This makes starting a business fairly difficult. It becomes even more difficult if the investment ask is one that looks to the distant future before realising returns, which is the case with many tech businesses.
Finding the right team to get your business off the ground can also be a struggle. “Hard-to-find funding means hard-to-find salaries, which for many people with the capacity and aptitude required, can be a deterrent.”
Against the odds, they’ve built a team of 50 and managed to acquire funding even though at times, a few setbacks threatened to derail them almost entirely.
“This article would have to span 30 pages if I were to list all of the errors and mistakes made during UCOOK’s short life.” jokes Torr. “The highlights read as follows: deleting our entire website, delivering the first batch of boxes without any recipe cards, our payment gateway collapsing, resulting in the team having to contact 1000+ people personally and ask them to EFT for the week’s orders. When things go wrong, we are often quickly defeated by the size of the problem or the lack of clear means to remedy it. However, I’ve learnt that most challenges that seem insurmountable at first can be overcome by starting small.”
His advice? “See each failure as a vaccination against future failure. You’re going to fail, things will rarely go to plan, but do not let those failures burden you, learn to adapt and improve and never accept any failure as utter defeat.”
Torr’s sage words belie his 26 years, and it becomes very apparent as we chat that a high level of intuition has accompanied all the hard work. But in a world where single razors or dog food delivered to your door have become multi-million dollar businesses, is it possible to predict which ventures are the most viable?
“Convention states that an idea has potential if it can deliver on visible market demand or solve an evident lack in the marketplace.”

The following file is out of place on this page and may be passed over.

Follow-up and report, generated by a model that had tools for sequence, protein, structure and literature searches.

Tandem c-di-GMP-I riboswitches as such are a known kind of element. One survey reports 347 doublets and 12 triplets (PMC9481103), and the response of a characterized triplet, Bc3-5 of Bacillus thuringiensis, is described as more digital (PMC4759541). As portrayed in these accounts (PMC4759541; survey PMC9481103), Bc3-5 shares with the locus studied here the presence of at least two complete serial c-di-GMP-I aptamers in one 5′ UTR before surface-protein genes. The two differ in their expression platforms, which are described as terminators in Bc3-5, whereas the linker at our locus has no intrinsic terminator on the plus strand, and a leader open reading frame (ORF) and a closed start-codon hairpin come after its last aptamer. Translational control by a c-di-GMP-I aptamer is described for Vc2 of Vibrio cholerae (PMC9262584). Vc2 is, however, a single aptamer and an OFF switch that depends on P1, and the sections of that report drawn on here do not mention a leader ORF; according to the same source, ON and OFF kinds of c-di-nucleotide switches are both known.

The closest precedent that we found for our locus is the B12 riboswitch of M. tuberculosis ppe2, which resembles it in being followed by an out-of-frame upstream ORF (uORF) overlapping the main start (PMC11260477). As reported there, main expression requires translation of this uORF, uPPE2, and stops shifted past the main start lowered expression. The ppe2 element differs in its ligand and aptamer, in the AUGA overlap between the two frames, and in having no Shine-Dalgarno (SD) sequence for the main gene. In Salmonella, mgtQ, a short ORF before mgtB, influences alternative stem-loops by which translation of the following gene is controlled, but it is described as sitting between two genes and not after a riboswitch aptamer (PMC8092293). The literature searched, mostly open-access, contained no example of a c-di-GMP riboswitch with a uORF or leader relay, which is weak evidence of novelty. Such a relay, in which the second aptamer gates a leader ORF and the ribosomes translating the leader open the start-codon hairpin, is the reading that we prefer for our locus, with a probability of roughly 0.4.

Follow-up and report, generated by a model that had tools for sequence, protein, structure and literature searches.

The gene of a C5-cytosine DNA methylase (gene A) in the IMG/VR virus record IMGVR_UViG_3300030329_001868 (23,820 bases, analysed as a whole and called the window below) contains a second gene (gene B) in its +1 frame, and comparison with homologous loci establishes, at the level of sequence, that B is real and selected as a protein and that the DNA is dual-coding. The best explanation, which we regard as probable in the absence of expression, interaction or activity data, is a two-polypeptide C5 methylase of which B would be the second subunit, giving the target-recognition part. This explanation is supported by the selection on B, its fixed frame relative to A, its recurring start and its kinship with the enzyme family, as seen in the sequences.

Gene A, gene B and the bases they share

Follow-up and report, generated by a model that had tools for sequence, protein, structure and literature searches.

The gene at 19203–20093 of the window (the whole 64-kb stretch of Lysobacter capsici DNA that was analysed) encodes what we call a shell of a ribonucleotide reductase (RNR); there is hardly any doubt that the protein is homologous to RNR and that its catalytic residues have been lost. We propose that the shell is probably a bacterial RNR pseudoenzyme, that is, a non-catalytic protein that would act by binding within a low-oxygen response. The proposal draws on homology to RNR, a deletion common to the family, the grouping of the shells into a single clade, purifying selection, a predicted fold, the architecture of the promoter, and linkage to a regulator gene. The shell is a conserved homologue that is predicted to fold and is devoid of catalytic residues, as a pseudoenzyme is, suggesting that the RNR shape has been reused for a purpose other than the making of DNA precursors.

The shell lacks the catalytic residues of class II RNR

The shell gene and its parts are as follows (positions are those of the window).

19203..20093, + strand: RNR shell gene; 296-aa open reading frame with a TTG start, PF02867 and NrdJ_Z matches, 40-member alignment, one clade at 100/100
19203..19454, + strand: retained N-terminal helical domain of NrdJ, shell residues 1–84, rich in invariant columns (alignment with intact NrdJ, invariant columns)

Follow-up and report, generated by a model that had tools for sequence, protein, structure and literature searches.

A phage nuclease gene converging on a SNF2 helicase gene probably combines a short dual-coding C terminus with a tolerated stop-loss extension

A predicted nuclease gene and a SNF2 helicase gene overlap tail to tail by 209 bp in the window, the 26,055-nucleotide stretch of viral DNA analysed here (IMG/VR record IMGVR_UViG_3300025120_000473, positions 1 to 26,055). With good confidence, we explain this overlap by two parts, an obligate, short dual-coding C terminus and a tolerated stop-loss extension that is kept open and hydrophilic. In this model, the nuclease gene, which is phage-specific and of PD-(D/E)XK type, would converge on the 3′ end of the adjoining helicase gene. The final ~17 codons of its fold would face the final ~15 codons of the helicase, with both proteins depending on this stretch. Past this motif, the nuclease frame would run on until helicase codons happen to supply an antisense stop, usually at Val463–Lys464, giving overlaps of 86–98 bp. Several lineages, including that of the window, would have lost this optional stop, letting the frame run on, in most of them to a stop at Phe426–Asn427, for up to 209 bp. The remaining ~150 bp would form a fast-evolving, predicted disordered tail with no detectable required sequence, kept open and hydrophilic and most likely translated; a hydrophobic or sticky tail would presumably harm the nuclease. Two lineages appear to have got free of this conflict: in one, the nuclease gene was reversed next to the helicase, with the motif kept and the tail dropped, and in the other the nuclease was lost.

“Today, things are a little different, entire industries have been invented creating success stories that have exceeded expectation. I’m definitely not insinuating that market research and the validation of an idea’s monetary potential are redundant measures, I am saying that sometimes the market doesn’t know what it wants until the solution is delivered. So innovate and don’t let the markets expectations weigh down on your dreams”. Perhaps that’s easier said than done, but Torr’s anything-is-possible attitude is certainly infectious. How else could he have convinced four friends to join him unpaid while working on second jobs as they attempted to get UCOOK off the ground?
While UCOOK still has a big mountain to climb, there are aspects that make up for all the late nights, slip-ups and seven day work weeks.
“There are few things more satisfying then watching something that you were part of creating, grow. Better yet, come success or failure no degree or corporate job will teach you more about yourself, than going at it alone. There is a new adventure that awaits every entrepreneur, each journey different but much the same. Few things will bring you more satisfaction than the materialisation of your own destiny.”